1. Home
  2. Poetry Magazine
  3. Poems
  4. Rakestreet by Harry Clifton
Rakestreet

Related Poem Content Details

Would you believe it, I got lost again   
And all roads led to Rakestreet. Which was which,   
The short road or the long? A girl of ten   
Behind her counter, drew me a thumbnail sketch   

Of space in time. The Big House was, she said,   
Five minutes away, or seven hundred years.   
Nephin, nebulous in its hat of cloud,   
A reference point. I would never get out of here   

Unless I fell in love with my condition—   
Rakestreet, with its boy behind the bar,   
Its sweatshop, and its permanent television   
In the background, rumbling from afar   

Of war and worldly sex, greed and ambition,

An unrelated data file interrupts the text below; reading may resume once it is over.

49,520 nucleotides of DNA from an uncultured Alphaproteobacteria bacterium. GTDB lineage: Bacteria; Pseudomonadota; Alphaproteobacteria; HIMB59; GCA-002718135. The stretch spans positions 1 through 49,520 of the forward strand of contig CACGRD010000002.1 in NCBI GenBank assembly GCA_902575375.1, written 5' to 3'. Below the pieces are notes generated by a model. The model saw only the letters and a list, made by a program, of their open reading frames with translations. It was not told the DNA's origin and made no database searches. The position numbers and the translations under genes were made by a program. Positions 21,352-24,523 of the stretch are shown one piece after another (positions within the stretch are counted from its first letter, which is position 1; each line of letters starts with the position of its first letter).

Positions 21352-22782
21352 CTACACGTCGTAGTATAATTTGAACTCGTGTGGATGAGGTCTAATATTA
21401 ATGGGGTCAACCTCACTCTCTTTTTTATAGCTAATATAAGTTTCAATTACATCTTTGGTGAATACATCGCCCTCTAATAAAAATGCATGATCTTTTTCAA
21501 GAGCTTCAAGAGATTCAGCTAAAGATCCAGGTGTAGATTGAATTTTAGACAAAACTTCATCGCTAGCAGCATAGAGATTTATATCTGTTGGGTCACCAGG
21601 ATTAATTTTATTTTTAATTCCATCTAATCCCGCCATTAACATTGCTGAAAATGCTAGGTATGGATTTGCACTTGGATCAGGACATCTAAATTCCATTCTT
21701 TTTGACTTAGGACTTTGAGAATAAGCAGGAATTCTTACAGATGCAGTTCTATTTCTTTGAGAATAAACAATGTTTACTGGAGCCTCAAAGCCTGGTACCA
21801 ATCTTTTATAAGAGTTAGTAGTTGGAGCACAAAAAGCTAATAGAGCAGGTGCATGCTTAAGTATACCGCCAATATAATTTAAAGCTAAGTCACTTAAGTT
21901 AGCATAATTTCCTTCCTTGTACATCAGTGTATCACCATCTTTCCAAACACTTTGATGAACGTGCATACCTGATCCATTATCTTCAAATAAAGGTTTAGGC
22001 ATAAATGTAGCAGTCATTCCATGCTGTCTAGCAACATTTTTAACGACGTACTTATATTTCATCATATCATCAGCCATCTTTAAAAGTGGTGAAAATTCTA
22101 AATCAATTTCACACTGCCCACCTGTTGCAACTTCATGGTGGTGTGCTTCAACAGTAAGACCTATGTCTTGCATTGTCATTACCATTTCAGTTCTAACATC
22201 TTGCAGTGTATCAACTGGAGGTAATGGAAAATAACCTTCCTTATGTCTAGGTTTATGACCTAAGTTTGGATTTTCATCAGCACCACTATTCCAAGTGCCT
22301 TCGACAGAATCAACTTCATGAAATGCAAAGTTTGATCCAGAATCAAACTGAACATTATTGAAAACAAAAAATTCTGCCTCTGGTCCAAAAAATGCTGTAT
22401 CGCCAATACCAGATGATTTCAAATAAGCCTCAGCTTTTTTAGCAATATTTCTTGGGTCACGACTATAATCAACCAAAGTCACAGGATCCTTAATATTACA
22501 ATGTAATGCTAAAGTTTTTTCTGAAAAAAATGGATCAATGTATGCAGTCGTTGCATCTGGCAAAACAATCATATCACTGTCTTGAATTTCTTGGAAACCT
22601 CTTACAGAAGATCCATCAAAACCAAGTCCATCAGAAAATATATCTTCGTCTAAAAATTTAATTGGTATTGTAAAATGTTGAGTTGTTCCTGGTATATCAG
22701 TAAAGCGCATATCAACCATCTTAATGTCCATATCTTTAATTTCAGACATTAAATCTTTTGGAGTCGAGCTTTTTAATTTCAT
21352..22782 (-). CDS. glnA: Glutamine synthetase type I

While the dead slept under lichened stone   
Behind Kilmurry chapel. Older than religion,   
Older than history, this quiet need to atone   

By staying local, once at the very least,   
For an hour, a day, a lifetime. Marry the girl,   
Buy up the stock, become one with the deceased—   
Let Crossmolina and the Big House world   

Be damned to its own eternity, Lough Conn   
Forever signaled, never come upon,   
Lose itself, like the reason I came   
In the first place, and my aboriginal name.

Source: Poetry (March 2009)

More from this issue

This poem originally appeared in the March 2009 issue of Poetry magazine

  • Search every issue of Poetry

Your results will be limited to content that appeared in Poetry magazine. Search the whole site

Rakestreet

Related Poem Content Details

  • Search every issue of Poetry

Your results will be limited to content that appeared in Poetry magazine. Search the whole site

Other Information